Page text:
On safari in Botswana: Linyanti to Chobe

Posted on 30 October 2012

My self-drive safari through Botswana, organised through Safari Drive, which saw me exploring Moremi (read my blog about Moremi here) and Savuti (read my blog about Savuti here) promised so much, and delivered more.

Driving west from Savuti we again crossed the sand ridge on the short drive to Linyanti. We got stuck for the first time on the trip as we attempted a hill of thick sand.  Reversing up and taking a run at it we were able to push our way through, however talking with other drivers, none made it through, either from Savuti nor from the Chobe direction without having to bring out the shovels.  The dry bush road led us to a flooded plain or spectacular beauty.  The camp site is next to the river, beyond which are miles of reeds, hiding the many (MANY!) elephants making use of the lush vegetation and constant supply of water.

The view from camp at Linyanti

Game viewing is limited here with a very short game driving road for those not staying in the more expensive lodges, and the ablutions are old, but adequate.  However after a week on safari, a day spent in camp reading, playing cards, enjoying the view, and being wary of the frequent camp visitors (including a honey badger that investigated our evening braai), was a welcome change of pace for a day.

Watch out for Linyanti camp's visitors

And so, onwards to Chobe National Park. Again, the sand can be problematic without the right vehicle, but soon enough you join the tar road that brings you to the gates of northern Botswana’s most visited park.  The Ihaha Camp is on the edge  of the now largely dry floodplain and offers little shade.  In previous years armed raiders crossing over from Namibia have crossed to terrorize campers here but the Botswana authorities have seen fit to post guards at the camp that drive up and down in front of the tents through the night.  Needless to say that our stay was peaceful and enjoyable.

Herds of many species and flocks of birds on the floodplain

As the afternoon light arrived we headed along the Chobe riverfront.  The downside to Chobe is the number of vehicles servicing the many lodges and day visitors.  The upside to Chobe is the number of vehicles that can be followed to the best sightings.  When we heard of lions we immediately set a course, but on arrival found 6 or 7 vehicles clustered together, full of excited tourists over the sight of a lion’s bottom protruding from a behind a tree some 200m from the road.  Through binoculars we spotted three more cats, equally hidden.  However, some kilometres down the road another lion sighting was much improved.  Here, a courting couple lay under a tree in full sight.  They moved as one with the mail following every move of his female, and as had happened at Savuti, that move was directly in front of our vehicle.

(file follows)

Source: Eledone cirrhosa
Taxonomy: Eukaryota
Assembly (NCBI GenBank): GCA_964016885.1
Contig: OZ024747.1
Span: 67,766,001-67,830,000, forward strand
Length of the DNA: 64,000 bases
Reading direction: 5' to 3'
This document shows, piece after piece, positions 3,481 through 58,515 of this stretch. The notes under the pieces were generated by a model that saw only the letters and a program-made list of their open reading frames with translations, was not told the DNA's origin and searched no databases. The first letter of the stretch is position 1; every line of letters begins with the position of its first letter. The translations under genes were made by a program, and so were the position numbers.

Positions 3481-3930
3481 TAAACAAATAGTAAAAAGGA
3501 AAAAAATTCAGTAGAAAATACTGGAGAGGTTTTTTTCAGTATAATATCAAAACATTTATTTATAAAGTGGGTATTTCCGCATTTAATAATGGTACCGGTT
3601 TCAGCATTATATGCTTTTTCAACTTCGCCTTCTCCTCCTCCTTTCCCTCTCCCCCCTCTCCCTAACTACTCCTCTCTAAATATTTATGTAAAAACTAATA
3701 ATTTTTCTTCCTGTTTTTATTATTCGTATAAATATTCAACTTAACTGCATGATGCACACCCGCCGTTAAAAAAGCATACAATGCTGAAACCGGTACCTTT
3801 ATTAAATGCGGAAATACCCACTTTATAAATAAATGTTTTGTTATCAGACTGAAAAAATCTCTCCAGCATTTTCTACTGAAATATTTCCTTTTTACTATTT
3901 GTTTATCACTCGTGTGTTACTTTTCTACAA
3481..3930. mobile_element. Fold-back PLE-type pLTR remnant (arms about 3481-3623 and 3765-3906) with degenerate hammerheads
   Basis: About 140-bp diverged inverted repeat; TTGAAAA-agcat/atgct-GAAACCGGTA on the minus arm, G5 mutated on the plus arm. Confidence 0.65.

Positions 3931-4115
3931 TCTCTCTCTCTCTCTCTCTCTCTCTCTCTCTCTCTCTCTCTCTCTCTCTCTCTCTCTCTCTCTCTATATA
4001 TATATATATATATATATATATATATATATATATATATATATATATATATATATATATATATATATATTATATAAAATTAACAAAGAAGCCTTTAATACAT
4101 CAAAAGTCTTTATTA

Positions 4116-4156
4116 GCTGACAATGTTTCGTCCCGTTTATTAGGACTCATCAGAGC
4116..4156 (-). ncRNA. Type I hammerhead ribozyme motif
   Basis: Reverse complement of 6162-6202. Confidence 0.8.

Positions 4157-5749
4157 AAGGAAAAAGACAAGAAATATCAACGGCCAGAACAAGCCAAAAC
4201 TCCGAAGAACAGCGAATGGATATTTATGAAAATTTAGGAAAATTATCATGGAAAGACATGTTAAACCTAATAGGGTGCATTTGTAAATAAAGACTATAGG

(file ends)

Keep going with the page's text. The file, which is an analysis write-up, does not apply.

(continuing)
A courting pair of lions

The light was fading fast and we had quite a distance to get back to camp before curfew, however as we turned onto the road we faced a road block: 2 adult female lions and their 6 sub-adult cubs sprawled across the road.  We knew this would be a good excuse to be late so we sat and watched them greet and groom each other for a while before making our way back to camp.

Next morning we left our camp early for a full day’s drive around Chobe.  We made our way along the riverfront and were about to head inland but stopped to scan the river ahead.  My eagle-eyed colleague spotted movement some distance away and we changed direction to investigate.  What we found was a clan of hyena taking advantage of a carcass of a young elephant that we had seen the day before.  As the hyenas came and went from the meal table the number of vultures and maribou storks gradually increased.  The sun rose higher and the hyenas gradually melted back into the Bush, heading for their dens and prompting the vultures to move in. White-backed, hooded and lappet-faced vultures all scrambled for their share.

Hyena tuck into an elephant carcass

A hyena runs off with a prize

As the hyenas return to their dens the vultures move in on the carcass